On board the "Gimsby", Muiesan informs him of Italy's entry into the war and that he had given the order to sink the ship himself.
He then goes with his crew to India as prisoners of war before the outbreak of war.
It can be recognized from far away by its unmanned lighthouse. It consists of a 27 meter high steel construction. Its cone of light is visible at night for up to 10 nautical miles. Its purpose is to warn ships on their way to and from Port Sudan of the many shallows in this region.
The reef wall drops steeply and in small gradations into the deep blue.
The drop-off is beautifully covered with stony and soft corals. Huge fan gorgonians stand in the current to filter plankton from the water. Small feather stars have made a home for themselves on them.
In the shallower area there is an extremely rich underwater fauna. Shoals of vermillion seabass and butterflyfishes are standing on the wall. In many small crevices you can discover cleaning stations with their numerous visitors. Encounters with whitetip reef sharks, blacktip reef sharks and hammerheads are not uncommon.
The east side
The reef wall is very rugged, especially on the first meters, forming many small caves and crevices. Numerous black spot snappers and various butterfly fish swim around between the corals.
South of the lighthouse a soft coral garden has developed. It is unique in its colors and shapes. Different species of the Red soft tree coral grow close to each other and sometimes hang down from overhangs in bizarre shapes. Underwater photographers will find countless interesting subjects. The entire wall is covered with a magnificent carpet of soft and leather corals.
The reef wall drops vertically to 15 meters. It is covered with crevices and small caves, which are home to numerous reef dwellers. It is followed by a shallow plateau where some wreckage of an unknown ship is scattered. The bottom is covered with colorful soft corals. Schools of barracudas are swimming above whip corals. On the outside the plateau drops steeply into the deep blue. Remarkably large fan gorgonians grow on the wall and offer underwater photographers attractive motives. Often one encounters whitetip and grey reef sharks.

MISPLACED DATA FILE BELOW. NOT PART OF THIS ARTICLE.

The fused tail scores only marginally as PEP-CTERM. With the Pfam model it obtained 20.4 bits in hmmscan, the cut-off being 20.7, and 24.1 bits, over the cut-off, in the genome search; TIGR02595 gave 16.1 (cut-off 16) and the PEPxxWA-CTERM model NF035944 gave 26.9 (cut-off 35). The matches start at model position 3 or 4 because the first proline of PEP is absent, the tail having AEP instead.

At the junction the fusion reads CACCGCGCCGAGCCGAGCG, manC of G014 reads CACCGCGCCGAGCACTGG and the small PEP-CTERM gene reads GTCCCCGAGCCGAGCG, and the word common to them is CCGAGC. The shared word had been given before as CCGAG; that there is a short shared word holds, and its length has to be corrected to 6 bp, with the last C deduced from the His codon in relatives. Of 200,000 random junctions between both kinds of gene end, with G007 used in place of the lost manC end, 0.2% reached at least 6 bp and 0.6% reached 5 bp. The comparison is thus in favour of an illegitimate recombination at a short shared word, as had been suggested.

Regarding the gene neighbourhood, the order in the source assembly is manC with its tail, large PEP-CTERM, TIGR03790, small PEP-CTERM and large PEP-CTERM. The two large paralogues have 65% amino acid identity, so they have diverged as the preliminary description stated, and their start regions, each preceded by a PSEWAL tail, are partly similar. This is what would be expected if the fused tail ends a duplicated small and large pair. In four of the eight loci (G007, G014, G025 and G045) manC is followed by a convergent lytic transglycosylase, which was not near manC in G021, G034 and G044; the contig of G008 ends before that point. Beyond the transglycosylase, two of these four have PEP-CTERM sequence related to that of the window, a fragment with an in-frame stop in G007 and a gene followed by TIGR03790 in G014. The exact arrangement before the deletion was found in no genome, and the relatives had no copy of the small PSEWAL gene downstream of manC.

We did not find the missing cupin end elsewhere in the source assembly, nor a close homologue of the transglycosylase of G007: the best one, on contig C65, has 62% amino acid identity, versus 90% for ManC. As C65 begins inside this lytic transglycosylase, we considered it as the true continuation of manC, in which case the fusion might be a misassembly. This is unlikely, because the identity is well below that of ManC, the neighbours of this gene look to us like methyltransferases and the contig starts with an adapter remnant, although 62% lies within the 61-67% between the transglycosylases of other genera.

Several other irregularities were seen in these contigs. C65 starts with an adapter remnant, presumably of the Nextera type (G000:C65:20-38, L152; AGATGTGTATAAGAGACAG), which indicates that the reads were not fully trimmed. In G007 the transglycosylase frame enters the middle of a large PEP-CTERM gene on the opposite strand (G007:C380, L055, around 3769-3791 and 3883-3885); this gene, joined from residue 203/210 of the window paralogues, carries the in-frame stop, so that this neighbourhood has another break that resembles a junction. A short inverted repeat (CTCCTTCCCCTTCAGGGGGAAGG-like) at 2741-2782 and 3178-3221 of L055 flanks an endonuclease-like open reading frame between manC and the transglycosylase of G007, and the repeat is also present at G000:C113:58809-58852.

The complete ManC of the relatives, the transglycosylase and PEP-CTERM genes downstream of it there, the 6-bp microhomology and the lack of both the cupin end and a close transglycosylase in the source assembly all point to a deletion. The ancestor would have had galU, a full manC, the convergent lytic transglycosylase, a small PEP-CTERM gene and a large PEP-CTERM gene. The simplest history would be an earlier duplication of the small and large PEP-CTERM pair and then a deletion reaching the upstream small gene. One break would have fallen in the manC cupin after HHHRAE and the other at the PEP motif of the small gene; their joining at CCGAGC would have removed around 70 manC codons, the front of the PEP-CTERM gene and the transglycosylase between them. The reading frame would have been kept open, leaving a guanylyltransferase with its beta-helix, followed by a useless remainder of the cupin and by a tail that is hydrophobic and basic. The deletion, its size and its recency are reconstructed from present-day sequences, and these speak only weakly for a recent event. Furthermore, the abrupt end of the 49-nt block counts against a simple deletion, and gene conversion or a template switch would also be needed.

The south plateau is characterized by its step-like structure. The first step is at 3 to 5 meters. Countless small reef dwellers populate the shallow water area which is flooded with light. They include yellow-brown boxfish, surgeonfish and several species of goby. In 13 and 20 meters there are more steps. These are covered with numerous small coral blocks. Stony corals, with whip corals rising between them, dominate the bottom. Shoals of spiny mackerels swim above them. Occasionally white tip reef sharks can be encountered, too. At the approximately 300 meter long plateau, as well as on the north side, stronger currents must be expected.
This coral tower drops steeply into the depths. The largest known school of scalloped hammerhead sharks in the Sudan Sea gathers here. Grey reef sharks and silver tip sharks are also often seen here.
On the eastern side, at a depth of 30 meters, there is a large cave where whitetip sharks often rest.
During the ascent of the wall you will see a large number of holes, which especially offer photographers a spectacular view of this habitat.
It is a massive reef system that stretches for 5 km, with a lagoon in the middle that is ideal for night dives and overnight stays.
At the southeastern end is a very nice plateau, where on the sandy flats, in moderate currents, surgeonfish, hunting barracuda, large tuna, sand eels and small whitetip reef sharks can be found.
At the drop off, if the current allows it, you can see schools of hammerheads and gray reef sharks.
The reef is colored with pink, yellow and red soft corals. The whole coral block is full of marine life wherever you look. During the safety stop you can admire a few anemone stocks in the 5 - 6 m area.
Golden banded fuseliers attract predators such as tuna and due to the usually strong current, this site is a meeting point for hammerhead sharks, whitetip reef sharks and gray sharks.
During a detour into the blue water you can meet single specimens or even schools of hammerheads and gray reef sharks. After returning to the plateau, we continue the dive with the reef on the right side.